Security ' How do you know you have it if you don't measure it?
- By William Jackson
- Oct 25, 2006
Achieving IT security goals requires more than information technology. It requires a set of metrics to tell you how close you are to reaching your goals.
'You get what you measure,' Postal Service IT governance manager James L. Golden said Wednesday at the Federal Information Assurance Conference being held at the University of Maryland.
USPS, which has one of the nation's largest IT infrastructures with 7,000 networked sites and 175,000 users in every corner of the country, uses 130 metrics to track its daily, weekly and monthly security posture, said IT program manager Kenneth Nesper Jr. Doing this requires cooperation throughout the organization, he said.
'It has to be something that operational management buys into,' he said.
Getting that buy-in can require pressure from senior management.
Metrics can be an effective tool in getting the support of senior management, said computer security officer Marc H. Noble of the Federal Communications Commission.
'It does help focus their attention,' Noble said. But, 'you have to know what interests your management.'
At FCC, which has just 2,800 workers concentrated in the Washington area, the interest was primarily regulatory compliance, Noble said. 'Their first question was, 'What's our FISMA score?''
USPS has been aggressively tracking its security posture for about 18 months. In that time, it has upgraded all its Windows XP workstations to Service Pack 2, Nester said. 'By July of this year we believe we got all of that done.'
The service is running at about 80 percent on daily updates of antivirus signatures for desktops and more than 80 percent for properly configured personal firewalls. In September, it reached 100 percent on its goal of three-day data backups for its servers, although Nester does not expect that figure to be constant because of the difficulties of doing some backups over remote connections.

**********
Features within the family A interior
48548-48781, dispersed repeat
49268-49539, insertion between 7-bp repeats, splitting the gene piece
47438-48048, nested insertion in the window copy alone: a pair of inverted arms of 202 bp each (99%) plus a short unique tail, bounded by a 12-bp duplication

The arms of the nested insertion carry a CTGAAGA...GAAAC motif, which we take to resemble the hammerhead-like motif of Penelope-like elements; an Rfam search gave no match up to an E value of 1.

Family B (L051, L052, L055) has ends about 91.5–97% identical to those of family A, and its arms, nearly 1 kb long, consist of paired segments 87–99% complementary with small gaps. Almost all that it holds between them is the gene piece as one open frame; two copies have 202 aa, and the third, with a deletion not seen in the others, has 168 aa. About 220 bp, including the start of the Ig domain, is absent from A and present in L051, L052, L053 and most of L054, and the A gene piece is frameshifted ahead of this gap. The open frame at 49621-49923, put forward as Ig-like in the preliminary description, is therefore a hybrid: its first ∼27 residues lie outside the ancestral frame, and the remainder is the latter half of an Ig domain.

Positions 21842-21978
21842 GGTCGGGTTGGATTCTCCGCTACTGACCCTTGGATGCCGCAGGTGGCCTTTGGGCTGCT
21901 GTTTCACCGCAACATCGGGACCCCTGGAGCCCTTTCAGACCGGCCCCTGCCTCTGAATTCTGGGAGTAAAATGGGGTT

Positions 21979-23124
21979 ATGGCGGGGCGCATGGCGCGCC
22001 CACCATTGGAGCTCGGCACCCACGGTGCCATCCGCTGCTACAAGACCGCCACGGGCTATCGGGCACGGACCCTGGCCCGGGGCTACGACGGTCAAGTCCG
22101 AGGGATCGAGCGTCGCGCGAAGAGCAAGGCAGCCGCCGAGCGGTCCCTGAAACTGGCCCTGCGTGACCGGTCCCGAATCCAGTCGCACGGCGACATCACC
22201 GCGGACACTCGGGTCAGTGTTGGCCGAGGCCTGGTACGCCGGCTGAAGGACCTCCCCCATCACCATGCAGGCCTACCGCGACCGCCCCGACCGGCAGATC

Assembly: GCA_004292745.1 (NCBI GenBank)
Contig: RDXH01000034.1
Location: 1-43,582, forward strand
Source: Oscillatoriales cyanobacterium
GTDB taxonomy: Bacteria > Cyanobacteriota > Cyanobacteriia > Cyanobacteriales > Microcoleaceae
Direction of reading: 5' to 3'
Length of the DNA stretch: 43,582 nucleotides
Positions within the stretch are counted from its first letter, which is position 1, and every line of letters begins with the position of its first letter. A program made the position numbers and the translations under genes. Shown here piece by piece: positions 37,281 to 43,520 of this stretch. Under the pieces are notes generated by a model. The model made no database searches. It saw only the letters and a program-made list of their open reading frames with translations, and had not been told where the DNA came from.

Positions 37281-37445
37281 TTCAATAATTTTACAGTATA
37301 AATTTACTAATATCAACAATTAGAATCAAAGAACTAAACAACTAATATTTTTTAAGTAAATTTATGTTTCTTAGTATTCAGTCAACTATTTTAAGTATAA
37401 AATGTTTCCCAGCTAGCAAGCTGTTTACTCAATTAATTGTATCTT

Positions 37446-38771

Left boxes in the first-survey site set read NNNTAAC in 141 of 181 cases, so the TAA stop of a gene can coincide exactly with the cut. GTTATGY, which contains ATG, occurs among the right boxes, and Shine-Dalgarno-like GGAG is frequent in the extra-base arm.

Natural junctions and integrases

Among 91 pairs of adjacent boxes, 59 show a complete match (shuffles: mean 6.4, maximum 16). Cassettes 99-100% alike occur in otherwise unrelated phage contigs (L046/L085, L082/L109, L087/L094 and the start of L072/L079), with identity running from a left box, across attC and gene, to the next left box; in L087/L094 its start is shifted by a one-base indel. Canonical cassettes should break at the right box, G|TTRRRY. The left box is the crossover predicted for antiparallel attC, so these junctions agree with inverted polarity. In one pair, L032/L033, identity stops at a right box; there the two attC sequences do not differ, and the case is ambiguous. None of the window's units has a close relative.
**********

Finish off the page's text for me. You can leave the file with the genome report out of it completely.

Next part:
'The number of change requests is too high,' he said.
The service is averaging two or three unscheduled emergency changes of software or configurations each day, or about 50 to 70 each month. Beginning in 2007, USPS plans to limit that to just one emergency change each day.
But disappointing results also can be used to advantage, Noble said. FCC had a poor rate of getting its minor applications certified and accredited as required by FISMA.
'That caught management's attention very quickly,' he said.
He was able to leverage that attention for management support in improving the program. To justify that support, he must have a plan of action and show improvement.
Metrics also can provide useful feedback to IT staff to help it become more efficient and effective, Noble said.
Metrics can also work against you, Golden warned.
'Be careful what you measure,' he said, because if you measure the wrong thing it can encourage unwanted behavior.
Golden said that when USPS was measuring the percentage of problems that were being resolved in just one call to the IT help desk, customer satisfaction actually went down. He found that help desk workers were focused on clearing a problem on the first call, whether or not the problem was really resolved.
William Jackson is a Maryland-based freelance writer.